Closed Bedroom Doors Can Cause Mold and High Carbon Monoxide

One warm summer day a few years ago, I got a phone call from a nice lady with a lot of worries. She and her husband, a preacher, lived in a fairly new home with their four teenage sons. The problems she reported were that most of the air conditioner ceiling grilles were growing a healthy crop of black mold, the house stunk, and one son had asthma which the mold seemed to aggravate. She also mentioned that the carbon monoxide (CO-an odorless, invisible, but deadly gas) alarms in the house went off now and again, but she didn't think that had anything to do with the mold. She had asked several a/c firms to make service calls and all had told her that the a/c systems were fine and not the cause of her problems. Then someone referred her to me with the usual, "If anyone can figure this house out, it's Doug."

I went over and found a very clean, well kept home with four bedrooms upstairs and the living quarters downstairs. While making my initial walk through of the house, I noted that the boys kept all three of their bedroom doors closed and that the master bedroom door was also closed. A few minutes later I came across the natural gas water heater in a closet off of the utility room downstairs next to the kitchen. The home had two a/c units and two return air grilles, one of each upstairs and downstairs. The homeowners had also set the a/c fan to the FAN ON setting to keep the air moving and improve comfort. Now, none of these factors are unusual in the least. Most two story homes have two units, most teenagers keep their bedroom doors closed when at home during the summer, lots of families keep the a/c fan in the ON mode, and many Texas homes have a gas water heater in them.

I had an idea about what was going on, but I needed to get some hard evidence, so I decided to test the pressure difference in the house. Being a building science geek, these facts came together to form a quick hypothesis (that's forensic investigation speak for an educated hunch). You see, when we close interior doors, it it will block the flow of air out of the room and keep it from returning to the air conditioner. It doesn't seem like a big deal, but the pressure imbalances that can result are powerful enough to cause the whole house to experience negative air pressure sufficient to suck carbon monoxide backwards, down a fireplace chimney or the flue of a water heater.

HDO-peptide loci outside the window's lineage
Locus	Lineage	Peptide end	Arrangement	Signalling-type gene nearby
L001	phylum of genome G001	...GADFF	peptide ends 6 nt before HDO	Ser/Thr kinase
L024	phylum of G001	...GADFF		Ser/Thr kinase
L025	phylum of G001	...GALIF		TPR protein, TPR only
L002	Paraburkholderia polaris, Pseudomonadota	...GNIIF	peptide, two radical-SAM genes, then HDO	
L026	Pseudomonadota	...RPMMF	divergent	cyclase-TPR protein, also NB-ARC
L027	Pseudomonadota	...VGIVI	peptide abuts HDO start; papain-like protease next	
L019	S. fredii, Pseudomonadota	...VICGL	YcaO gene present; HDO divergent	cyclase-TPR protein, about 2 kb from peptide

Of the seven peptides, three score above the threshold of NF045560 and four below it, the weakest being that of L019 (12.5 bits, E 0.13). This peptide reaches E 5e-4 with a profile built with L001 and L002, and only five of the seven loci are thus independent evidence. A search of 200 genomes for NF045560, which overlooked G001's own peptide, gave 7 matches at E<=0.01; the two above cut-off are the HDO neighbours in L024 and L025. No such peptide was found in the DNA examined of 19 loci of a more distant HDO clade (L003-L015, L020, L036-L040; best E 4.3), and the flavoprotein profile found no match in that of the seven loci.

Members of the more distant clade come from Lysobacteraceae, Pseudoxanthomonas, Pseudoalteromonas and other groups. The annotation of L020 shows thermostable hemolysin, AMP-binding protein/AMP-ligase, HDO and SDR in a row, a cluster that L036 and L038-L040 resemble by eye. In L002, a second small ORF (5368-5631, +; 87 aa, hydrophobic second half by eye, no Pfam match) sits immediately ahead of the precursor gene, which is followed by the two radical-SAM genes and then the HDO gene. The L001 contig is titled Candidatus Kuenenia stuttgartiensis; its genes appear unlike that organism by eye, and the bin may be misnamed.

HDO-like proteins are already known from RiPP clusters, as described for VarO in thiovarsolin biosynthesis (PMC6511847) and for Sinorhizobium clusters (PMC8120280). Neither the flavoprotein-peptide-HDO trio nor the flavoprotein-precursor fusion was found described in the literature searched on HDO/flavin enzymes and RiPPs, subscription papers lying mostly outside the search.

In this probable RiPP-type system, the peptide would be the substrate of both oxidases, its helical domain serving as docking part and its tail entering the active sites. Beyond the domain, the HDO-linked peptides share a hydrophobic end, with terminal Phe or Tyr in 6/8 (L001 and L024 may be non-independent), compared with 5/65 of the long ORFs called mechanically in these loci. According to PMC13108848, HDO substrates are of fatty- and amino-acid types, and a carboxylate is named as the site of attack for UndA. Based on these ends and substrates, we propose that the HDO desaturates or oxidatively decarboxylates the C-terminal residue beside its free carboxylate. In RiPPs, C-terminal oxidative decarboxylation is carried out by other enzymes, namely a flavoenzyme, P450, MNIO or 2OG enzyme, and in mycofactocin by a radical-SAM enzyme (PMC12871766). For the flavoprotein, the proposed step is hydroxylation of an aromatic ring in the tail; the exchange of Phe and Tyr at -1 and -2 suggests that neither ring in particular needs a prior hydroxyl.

Another thing that closing interior doors can do is create so much negative pressure in the house that it sucks in large amounts (think hundreds and hundreds of cubic feet per minute) of hot, humid outside summer air or cold winter air into the house. This is like opening a window and placing a 20" fan in it so that it blows outside air into your home! This flow of very humid air can bring in so much moisture that the air conditioner can't remove it fast enough and the house becomes too humid. When this happens, the excess moisture will condense on the coldest surfaces in the house, the supply grilles of the air conditioner. That's when the grilles start to grow a healthy crop of mold.

We building science geeks use pressure measuring devices (digital micro-manometers) accurate to 0.0004" water column or 0.1 Pascals of pressure. How accurate is that? Well, it's about three decimals to the left of the accuracy of the air pressure devices used by any other type of contractor you've ever met. (We sometimes joke that it can measure a gnat fart).

I left the a/c fan in the ON setting so it would run continuously. I placed one plastic tube from the manometer outside of the house to measure the constant reference pressure of the great outdoors and left one pressure tap open in the house. I then measured a baseline pressure difference from inside to outside with all of the interior doors open. It was +0.5 Pascals. I then went upstairs and closed all four bedroom doors and read the house pressure under these conditions. It was -4.1 Pascals. Then I went upstairs and opened the doors again and measured +0.4 Pascals, closed them all and reaffirmed -4.3 Pascals. Building science research has shown that negative pressures in homes in excess of -3 Pascals can cause combustion appliances to back draft. This house was experiencing more than enough negative pressure to keep the water heater from safely drafting.